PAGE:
At this year’s IMTS in Chicago, I had a number of discussions with manufacturers that were looking for ways to improve their manufacturing process.
- Some were part of an industry experiencing stagnant growth, and they were looking to prepare for future growth opportunities.
- Some were looking to address the cost of reworking parts so that they could maintain costs.
- Others were investigating ways to increase production levels since their business is booming.
It got me thinking about previous conversations that I’ve had with customers about their efforts in similar situations. In every case, a thorough understanding of the constraints and issues in their business led us to an in-depth discussion on how automation could help improve their manufacturing process.
For example, one manufacturer in the heavy equipment industry explained that he felt he should be cutting costs due to the slower market conditions that he was experiencing. During our discussion he mentioned that experience told him that the market would rebound. Since he wanted to be ready for that, we mapped out a plan to cut his current production costs by installing two robotic welding systems. Our ROI analysis revealed that the multi-million dollar capital investment in automation not only prepared him for the future, but it also provided an immediate improvement on quality and throughput.
I also spoke with a manufacturer whose business was steady. He remarked that, while orders continued to flow, he would like to reduce rework costs which would positively impact his bottom line.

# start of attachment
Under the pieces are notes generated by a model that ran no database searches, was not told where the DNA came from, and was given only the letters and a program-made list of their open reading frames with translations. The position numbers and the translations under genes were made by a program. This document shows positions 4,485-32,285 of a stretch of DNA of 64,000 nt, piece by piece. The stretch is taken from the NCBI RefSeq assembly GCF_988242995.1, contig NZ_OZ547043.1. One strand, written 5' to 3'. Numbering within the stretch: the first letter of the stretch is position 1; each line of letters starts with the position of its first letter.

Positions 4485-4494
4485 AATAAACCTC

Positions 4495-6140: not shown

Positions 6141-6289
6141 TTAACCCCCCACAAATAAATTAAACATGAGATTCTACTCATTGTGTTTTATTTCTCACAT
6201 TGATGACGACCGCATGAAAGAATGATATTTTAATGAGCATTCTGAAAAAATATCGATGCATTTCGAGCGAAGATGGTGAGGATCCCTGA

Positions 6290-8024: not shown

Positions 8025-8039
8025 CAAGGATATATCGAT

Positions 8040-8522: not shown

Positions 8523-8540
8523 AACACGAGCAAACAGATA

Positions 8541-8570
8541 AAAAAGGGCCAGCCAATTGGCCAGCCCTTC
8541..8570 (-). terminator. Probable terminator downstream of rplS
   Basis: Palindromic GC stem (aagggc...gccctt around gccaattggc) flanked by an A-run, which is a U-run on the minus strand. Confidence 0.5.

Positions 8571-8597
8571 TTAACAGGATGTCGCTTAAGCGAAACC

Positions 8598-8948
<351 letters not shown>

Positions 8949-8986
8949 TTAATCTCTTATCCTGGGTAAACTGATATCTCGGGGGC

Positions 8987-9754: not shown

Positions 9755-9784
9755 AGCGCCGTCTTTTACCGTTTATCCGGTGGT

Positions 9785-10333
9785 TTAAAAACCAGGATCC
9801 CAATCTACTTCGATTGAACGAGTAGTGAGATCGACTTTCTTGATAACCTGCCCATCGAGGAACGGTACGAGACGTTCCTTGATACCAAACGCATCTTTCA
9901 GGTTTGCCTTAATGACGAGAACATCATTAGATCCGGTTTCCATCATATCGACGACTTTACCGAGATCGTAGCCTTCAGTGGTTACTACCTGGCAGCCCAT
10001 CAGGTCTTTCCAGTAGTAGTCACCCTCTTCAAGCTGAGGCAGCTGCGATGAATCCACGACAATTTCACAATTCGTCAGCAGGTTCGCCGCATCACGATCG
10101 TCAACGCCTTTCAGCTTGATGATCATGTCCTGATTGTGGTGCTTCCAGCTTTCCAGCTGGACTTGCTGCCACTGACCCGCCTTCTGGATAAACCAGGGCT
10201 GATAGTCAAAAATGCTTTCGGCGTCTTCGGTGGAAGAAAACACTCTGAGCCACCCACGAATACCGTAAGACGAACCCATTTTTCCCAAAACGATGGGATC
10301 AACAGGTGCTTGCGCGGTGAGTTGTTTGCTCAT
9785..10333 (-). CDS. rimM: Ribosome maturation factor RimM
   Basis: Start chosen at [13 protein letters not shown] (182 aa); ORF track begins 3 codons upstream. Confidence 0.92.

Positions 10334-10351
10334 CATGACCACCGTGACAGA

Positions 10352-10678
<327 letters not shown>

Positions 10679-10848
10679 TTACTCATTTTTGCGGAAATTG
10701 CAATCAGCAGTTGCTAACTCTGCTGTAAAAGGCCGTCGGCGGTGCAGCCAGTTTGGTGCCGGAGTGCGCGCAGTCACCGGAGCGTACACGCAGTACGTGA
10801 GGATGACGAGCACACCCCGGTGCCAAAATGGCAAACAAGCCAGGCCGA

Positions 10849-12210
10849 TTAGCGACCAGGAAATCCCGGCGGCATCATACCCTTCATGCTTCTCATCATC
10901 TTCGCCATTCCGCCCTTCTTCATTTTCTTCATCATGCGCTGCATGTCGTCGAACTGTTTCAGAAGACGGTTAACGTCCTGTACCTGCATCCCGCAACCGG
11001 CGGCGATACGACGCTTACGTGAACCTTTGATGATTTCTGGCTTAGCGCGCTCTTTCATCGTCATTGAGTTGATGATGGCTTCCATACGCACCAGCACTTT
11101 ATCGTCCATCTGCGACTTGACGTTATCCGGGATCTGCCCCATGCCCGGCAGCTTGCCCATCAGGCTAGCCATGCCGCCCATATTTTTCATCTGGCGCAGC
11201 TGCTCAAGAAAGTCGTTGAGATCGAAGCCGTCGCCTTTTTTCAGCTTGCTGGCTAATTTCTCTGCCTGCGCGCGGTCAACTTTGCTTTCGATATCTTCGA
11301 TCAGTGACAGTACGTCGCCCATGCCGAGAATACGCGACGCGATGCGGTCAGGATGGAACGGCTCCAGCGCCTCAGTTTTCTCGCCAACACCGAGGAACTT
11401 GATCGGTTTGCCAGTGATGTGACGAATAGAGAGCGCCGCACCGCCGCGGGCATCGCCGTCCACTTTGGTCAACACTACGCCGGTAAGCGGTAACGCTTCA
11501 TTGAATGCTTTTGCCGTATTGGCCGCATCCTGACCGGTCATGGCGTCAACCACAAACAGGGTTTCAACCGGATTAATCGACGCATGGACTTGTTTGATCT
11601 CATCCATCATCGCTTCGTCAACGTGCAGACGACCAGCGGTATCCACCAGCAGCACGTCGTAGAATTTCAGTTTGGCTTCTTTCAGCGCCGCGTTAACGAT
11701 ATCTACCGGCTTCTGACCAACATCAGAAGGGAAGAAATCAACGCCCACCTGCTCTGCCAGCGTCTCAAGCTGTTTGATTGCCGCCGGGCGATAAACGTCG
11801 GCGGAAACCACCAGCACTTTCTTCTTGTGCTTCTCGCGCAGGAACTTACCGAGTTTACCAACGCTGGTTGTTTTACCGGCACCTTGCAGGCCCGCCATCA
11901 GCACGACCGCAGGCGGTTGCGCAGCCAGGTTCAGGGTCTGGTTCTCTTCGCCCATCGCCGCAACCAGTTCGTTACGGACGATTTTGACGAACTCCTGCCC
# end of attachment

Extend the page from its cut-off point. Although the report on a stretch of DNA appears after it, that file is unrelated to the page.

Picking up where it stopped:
The rework centered on weld defects due to his struggle to find skilled, certified welders. After analyzing the parts being welded, we determined that robotic welding would produce consistent, high quality welds, eliminating rework and scrap. The cost savings achieved by reducing rework and scrap, justified the implementation of the robotic welding system.
Another manufacturer in a different industry, one that is booming, had me visit his facility not long ago. As we toured the plant, he explained that he was struggling to keep up with production requirements. There was a tremendous amount of activity with welders literally climbing over one another to complete their tasks. Space was obviously at a premium. In addition, I noticed bottlenecks in the production process. Additional welders had been added to the already congested space in an attempt to balance the production line. This is a common solution that many manufacturers resort to; however, it can perpetuate an inefficient process and potentially a dangerous situation. After reviewing the manufacturing floor, we were able to design an automated solution using multiple robots in a high-density configuration to address both the space and safety concerns. A key area of focus during the system design was the ability to expand production capacity. This was accomplished through a site survey and engineering study conducted by our application engineering team. The manufacturer saw an immediate impact in worker safety, throughput and quality.
The common thread is that whether business is slow, steady or booming, there’s an opportunity to set yourself up for future success by implementing automation. Determining how to apply a flexible and scalable robotics solution does take a bit of analysis. My recommendation for plant owners is to invite a robotics expert to come to your site for a visit. Yaskawa Motoman has been helping companies explore automation opportunities for nearly 30 years. In as little as a few hours, a study of your current work practices can identify bottlenecks, inefficiencies and general areas where robotic automation could provide an advantage. Generally speaking, payback on automation investments can happen in two years or less.
Studying how a facility operates and considering the role automation can play, is a way to “future-proof” production. No matter where in the economic cycle your company finds itself, a site visit will identify where automation can make your plant more cost competitive.
Dean Elkins is a Segment Leader - Handling